- Published: June 8, 2015
The prospect of one day understanding the intricacies of cognitive function is fascinating, but that day is still far away. However, with the advent of techniques such as electroencephalography and fMRI, scientists seem to have gained a foothold in scaling this seemingly insurmountable task. These techniques allow scientists to measure the mental states of individuals based on physiological events in their brains. They could also be a powerful tool in the hands of a legal practitioner, and could influence legal proceedings. In Brent Garland and Paul Glimcher’s paper, Cognitive neuroscience and the law, they discuss the problems with applying these techniques, which are inadequately tested in situations other than the strict experimental conditions maintained in the laboratory. The authors argue that the use these techniques in the court of law, an application which they were not originally intended, poses a serious risk to the legal system. In this respect, the authors encourage neuroscientists to be careful in writing scientific papers that may have unexpected legal ramifications, and to be more active in educating and conversing with the legal community to prevent potential misuses of scientific findings.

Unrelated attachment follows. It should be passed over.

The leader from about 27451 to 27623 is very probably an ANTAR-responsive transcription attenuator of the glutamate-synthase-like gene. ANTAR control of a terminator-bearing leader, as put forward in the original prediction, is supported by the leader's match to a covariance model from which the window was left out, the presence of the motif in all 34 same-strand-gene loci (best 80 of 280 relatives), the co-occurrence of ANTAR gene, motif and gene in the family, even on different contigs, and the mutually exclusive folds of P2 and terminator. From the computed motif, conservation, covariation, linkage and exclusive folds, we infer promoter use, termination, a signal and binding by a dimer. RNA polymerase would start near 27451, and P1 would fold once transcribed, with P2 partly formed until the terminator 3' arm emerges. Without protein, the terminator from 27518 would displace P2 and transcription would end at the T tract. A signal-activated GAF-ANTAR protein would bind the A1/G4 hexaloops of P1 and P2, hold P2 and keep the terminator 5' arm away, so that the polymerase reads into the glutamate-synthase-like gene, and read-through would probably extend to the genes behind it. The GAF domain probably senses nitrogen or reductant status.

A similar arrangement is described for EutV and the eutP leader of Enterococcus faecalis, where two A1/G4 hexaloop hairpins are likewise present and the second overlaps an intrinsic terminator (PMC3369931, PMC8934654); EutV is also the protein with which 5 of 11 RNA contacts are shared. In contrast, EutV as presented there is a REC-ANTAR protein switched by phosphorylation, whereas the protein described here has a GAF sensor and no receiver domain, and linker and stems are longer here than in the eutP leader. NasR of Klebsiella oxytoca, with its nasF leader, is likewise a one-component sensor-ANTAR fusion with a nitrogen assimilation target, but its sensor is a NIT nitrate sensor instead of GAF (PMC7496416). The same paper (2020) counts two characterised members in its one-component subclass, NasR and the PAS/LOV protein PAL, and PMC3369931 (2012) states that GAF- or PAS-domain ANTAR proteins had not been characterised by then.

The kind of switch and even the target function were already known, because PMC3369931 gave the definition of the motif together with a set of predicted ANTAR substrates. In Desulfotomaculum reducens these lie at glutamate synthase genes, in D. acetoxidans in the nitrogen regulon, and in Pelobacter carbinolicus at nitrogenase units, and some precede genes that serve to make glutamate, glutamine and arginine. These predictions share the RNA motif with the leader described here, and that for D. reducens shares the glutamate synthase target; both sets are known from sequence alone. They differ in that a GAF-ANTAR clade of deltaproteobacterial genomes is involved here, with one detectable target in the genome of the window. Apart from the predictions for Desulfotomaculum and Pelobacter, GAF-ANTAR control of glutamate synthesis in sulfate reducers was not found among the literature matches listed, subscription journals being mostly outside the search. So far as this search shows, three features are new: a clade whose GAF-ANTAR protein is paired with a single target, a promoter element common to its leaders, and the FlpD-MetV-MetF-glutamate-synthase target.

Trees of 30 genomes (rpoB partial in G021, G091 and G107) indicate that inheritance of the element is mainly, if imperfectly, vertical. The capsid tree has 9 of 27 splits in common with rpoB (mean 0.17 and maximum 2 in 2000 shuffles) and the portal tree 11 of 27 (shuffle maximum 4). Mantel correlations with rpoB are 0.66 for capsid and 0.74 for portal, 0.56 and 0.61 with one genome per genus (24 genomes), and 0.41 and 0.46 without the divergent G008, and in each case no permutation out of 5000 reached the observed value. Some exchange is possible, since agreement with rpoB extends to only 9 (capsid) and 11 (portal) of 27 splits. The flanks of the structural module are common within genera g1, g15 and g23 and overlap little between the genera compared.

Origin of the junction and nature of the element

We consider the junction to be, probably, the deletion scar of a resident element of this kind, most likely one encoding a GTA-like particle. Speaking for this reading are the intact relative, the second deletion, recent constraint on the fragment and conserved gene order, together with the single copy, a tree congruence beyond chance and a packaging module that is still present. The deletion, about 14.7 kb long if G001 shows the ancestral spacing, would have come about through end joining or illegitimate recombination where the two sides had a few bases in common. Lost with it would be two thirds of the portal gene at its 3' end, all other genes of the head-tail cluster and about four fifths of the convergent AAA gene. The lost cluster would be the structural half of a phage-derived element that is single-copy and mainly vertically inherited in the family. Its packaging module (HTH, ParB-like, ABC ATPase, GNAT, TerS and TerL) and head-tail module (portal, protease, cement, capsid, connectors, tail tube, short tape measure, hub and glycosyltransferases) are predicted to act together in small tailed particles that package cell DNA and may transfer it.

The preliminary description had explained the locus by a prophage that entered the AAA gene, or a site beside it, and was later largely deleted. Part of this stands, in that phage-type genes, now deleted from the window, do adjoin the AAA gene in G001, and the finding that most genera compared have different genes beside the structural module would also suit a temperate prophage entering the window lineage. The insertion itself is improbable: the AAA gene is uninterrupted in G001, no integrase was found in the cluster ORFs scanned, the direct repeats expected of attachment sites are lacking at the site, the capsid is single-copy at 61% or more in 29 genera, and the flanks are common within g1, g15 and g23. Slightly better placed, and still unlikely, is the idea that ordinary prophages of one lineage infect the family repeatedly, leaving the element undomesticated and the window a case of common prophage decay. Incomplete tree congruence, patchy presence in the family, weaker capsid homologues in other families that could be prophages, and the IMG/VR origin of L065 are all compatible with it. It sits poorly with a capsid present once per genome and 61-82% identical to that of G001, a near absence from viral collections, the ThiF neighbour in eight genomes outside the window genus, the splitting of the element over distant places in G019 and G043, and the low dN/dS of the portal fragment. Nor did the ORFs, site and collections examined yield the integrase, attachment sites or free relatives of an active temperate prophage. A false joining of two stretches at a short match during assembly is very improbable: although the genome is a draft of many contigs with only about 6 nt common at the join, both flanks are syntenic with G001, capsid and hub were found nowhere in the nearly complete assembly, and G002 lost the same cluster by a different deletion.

Garland, B., and P. Glimcher. 2006. Cognitive neuroscience and the law. Current Opinion in Neurobiology 16:130-134.